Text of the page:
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. Last Updated: 07/27/2016

Government Vs. Miners: No Contest

What would one not give to have been a fly on the wall in the negotiations between the government and the country's miners in their pay dispute Friday? Pulped, condensed and fancifully transcribed, the discussion must have gone something like this:

The miners: We are not asking for any outrageous pay raise, we are just asking to be paid the money we are owed. And before you say a word, we have been patient. We waited several months already, but because nobody took us seriously, we have been forced to walk out.

The government -- actually it isn't easy to picture exactly what the government would have to say. Presumably, something like: Yes, yes, we understand. But you can go back to work now, because your salaries have already been paid and, trust us, this won't happen again.

The miners: If the money has been paid, then why don't we have it? And save us the trust business, we have been having this same discussion several times a year for the past two or three years. You guys can't help yourselves.

In fairness, the government has not had an easy time of it. Economic stabilization was not going to be achieved without cost, and over the last few years, the government has had to make some very hard choices. But the wrong choice was consistently made.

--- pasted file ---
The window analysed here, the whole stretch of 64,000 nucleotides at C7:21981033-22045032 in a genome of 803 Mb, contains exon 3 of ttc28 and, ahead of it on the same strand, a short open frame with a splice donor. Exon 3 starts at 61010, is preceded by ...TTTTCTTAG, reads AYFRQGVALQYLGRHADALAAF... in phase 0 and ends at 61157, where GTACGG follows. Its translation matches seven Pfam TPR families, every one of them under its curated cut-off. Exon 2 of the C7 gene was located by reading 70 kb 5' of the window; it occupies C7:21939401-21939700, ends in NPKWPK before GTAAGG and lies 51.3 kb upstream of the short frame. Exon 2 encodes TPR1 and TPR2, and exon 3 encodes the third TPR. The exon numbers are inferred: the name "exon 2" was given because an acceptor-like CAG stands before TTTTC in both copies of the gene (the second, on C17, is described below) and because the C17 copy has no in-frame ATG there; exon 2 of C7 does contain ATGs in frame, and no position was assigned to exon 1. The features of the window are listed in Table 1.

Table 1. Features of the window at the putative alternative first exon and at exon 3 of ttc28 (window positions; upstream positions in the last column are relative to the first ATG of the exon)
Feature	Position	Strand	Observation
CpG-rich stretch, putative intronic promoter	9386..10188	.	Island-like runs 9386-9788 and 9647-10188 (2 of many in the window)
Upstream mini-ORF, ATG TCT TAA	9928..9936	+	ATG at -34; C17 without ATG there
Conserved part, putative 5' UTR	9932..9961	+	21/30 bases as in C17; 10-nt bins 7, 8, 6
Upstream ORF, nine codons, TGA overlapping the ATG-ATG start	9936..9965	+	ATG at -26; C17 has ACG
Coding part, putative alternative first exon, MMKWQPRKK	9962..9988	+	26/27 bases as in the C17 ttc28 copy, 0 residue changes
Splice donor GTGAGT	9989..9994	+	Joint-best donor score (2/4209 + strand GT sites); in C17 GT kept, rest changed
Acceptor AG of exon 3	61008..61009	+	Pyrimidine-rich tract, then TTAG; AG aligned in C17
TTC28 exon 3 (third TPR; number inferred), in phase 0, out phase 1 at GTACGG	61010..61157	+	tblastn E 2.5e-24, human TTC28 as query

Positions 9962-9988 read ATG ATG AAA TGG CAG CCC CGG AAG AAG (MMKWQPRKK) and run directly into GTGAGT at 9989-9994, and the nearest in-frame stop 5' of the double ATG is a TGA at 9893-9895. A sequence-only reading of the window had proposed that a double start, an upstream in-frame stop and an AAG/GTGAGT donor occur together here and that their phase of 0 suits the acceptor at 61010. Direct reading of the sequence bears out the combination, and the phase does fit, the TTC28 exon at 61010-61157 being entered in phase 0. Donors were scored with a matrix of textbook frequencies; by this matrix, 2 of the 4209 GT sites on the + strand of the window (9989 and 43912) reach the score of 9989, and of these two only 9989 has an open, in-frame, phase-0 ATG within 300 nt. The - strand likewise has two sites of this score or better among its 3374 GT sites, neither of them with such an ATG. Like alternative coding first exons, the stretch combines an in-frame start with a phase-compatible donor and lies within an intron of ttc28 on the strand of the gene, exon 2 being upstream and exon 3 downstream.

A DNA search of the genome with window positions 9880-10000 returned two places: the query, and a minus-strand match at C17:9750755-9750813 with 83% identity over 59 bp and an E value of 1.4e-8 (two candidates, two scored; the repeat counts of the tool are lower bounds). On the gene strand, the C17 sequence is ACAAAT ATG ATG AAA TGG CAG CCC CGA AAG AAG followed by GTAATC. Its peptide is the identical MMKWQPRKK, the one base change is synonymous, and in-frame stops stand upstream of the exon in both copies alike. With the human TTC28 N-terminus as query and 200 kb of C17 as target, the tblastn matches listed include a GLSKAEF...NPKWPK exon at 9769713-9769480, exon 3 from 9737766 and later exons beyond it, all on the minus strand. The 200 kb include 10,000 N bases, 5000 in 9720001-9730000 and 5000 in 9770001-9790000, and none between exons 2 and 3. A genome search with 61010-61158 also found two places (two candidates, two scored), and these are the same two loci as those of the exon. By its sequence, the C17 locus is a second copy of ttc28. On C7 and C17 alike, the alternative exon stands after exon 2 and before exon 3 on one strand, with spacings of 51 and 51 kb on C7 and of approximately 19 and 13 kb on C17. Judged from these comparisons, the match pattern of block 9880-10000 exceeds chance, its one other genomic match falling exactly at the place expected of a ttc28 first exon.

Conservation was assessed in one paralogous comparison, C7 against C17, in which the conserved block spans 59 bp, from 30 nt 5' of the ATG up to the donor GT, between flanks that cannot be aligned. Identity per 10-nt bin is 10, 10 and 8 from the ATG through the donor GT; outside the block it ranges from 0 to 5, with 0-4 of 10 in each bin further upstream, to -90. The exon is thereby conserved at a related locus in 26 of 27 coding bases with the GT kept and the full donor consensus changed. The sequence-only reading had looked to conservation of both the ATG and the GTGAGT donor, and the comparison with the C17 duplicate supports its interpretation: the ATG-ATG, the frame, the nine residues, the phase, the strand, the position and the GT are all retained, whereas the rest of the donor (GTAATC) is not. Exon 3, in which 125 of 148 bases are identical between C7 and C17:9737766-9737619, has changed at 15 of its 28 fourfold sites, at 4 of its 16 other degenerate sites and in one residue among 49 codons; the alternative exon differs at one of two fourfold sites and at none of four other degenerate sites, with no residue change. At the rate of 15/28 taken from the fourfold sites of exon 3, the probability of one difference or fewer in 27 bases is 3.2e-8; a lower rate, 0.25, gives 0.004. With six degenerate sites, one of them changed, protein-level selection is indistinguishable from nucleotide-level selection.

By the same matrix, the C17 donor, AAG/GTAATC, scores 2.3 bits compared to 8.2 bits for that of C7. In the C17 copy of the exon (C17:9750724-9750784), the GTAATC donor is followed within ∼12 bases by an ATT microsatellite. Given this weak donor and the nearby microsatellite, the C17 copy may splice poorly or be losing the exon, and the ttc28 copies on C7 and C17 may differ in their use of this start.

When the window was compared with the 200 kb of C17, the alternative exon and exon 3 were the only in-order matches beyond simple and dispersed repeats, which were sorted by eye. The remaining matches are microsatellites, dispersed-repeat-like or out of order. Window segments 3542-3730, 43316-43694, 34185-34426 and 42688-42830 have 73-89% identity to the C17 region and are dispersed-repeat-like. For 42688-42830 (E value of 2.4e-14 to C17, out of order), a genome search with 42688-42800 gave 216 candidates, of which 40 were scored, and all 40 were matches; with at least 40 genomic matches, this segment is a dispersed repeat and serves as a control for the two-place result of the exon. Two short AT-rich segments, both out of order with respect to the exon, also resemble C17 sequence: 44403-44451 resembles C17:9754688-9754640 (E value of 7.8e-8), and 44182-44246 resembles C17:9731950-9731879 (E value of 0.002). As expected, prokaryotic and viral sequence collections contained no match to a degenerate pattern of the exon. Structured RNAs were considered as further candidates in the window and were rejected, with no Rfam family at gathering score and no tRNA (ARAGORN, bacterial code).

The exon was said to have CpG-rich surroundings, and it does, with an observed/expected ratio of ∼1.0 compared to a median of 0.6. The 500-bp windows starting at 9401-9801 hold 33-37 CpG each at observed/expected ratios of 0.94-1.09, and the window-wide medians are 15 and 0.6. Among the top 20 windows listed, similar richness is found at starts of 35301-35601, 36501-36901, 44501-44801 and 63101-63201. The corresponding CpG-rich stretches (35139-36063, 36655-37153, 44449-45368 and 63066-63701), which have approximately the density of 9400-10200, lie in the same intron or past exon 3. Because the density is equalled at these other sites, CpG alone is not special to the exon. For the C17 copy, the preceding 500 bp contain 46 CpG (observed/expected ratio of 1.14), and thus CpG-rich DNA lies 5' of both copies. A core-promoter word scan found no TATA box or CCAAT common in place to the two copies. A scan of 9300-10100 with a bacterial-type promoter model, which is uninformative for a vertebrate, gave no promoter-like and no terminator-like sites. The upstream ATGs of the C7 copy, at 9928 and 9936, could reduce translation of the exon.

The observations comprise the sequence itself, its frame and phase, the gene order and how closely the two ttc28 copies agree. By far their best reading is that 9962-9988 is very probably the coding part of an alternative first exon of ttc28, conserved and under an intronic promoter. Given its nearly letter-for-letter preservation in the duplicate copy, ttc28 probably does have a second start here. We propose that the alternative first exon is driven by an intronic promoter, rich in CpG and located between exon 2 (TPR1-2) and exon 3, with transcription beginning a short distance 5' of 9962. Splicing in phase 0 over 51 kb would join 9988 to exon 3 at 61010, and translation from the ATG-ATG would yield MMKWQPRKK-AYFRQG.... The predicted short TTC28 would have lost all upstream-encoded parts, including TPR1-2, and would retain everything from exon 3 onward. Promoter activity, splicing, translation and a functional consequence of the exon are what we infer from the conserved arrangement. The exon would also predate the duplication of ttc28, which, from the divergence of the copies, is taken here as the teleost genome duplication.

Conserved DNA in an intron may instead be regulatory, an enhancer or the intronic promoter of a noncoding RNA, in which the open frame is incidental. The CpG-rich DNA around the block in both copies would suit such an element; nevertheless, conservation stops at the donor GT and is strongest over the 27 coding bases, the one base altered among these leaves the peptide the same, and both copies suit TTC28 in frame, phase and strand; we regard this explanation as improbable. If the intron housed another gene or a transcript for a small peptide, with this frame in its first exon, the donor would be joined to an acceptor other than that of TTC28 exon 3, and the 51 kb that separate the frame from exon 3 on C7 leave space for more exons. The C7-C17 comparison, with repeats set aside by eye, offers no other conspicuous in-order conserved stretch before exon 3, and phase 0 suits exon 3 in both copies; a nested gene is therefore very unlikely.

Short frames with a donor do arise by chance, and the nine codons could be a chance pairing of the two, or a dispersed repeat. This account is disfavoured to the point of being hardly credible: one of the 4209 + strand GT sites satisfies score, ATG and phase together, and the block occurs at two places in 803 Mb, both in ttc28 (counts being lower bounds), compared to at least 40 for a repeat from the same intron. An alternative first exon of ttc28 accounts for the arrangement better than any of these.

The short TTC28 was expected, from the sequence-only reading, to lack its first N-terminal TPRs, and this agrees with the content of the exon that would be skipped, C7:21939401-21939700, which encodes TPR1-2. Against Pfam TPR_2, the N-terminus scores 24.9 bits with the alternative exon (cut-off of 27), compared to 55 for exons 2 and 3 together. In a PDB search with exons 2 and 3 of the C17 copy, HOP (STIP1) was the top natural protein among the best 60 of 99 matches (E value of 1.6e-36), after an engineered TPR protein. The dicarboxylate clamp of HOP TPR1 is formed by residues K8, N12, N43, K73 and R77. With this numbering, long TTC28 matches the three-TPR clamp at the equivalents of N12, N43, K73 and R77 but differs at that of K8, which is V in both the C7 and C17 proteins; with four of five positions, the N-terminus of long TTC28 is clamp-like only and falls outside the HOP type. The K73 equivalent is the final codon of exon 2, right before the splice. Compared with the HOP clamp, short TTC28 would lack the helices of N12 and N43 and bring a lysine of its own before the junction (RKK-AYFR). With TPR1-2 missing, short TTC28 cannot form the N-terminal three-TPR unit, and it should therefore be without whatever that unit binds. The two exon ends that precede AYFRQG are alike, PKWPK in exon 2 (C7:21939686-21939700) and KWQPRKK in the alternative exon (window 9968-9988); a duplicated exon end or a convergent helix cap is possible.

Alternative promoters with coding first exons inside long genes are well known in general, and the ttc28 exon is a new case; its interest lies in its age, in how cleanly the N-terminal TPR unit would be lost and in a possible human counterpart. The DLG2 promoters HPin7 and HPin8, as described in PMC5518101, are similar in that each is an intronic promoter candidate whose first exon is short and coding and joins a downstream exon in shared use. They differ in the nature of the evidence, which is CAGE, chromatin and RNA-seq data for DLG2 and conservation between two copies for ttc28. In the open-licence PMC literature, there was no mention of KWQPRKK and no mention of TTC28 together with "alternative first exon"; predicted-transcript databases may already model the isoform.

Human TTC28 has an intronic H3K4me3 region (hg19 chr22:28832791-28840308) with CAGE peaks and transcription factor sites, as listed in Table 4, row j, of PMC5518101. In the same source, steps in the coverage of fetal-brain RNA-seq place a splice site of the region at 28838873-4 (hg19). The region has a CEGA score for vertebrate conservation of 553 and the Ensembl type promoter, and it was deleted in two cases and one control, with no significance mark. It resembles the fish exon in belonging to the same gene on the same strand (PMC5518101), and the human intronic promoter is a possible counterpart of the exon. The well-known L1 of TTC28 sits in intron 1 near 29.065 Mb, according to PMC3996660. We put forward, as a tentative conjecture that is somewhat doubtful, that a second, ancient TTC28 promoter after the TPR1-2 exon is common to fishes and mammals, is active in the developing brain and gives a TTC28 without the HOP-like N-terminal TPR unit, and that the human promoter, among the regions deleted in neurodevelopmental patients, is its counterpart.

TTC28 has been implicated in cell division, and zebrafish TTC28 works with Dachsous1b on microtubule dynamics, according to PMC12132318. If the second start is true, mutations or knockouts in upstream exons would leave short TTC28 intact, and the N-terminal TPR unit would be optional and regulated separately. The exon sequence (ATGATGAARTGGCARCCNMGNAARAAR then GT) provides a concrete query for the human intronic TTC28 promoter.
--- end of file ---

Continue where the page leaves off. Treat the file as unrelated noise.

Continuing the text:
The government opted to pay for stabilization from the pockets of the work force, rather than by tapping the wealth of such conglomerates as the state gas monopoly Gazprom, or putting a stop to such ridiculous anomalies as the tax exemptions granted to the State Sports Committee on imports of alcohol and tobacco.

When President Boris Yeltsin said last week that the money was there to pay workers their salary arrears, he was right, and it always has been there. It is the failure of courage to force trillions of rubles in unpaid taxes from powerful lobbies that has led the government to finance its stabilization program by holding back payment of wages.

The miners' predicament is particularly acute, because even after this particular crisis over pay is resolved, their long-term prospects look bleak. The Russian coal industry faces the same decline that its counterparts endured in Britain and Western Europe in the 1970s and '80s and in the United States starting in the 1930s, and there will be precious little safety net to catch unemployed miners here when they fall.

The cost of dealing in a humane fashion with the inevitable restructuring of the coal mining industry will be enormous. It is hard to feel much confidence that, next time, the government will make the right tough choices.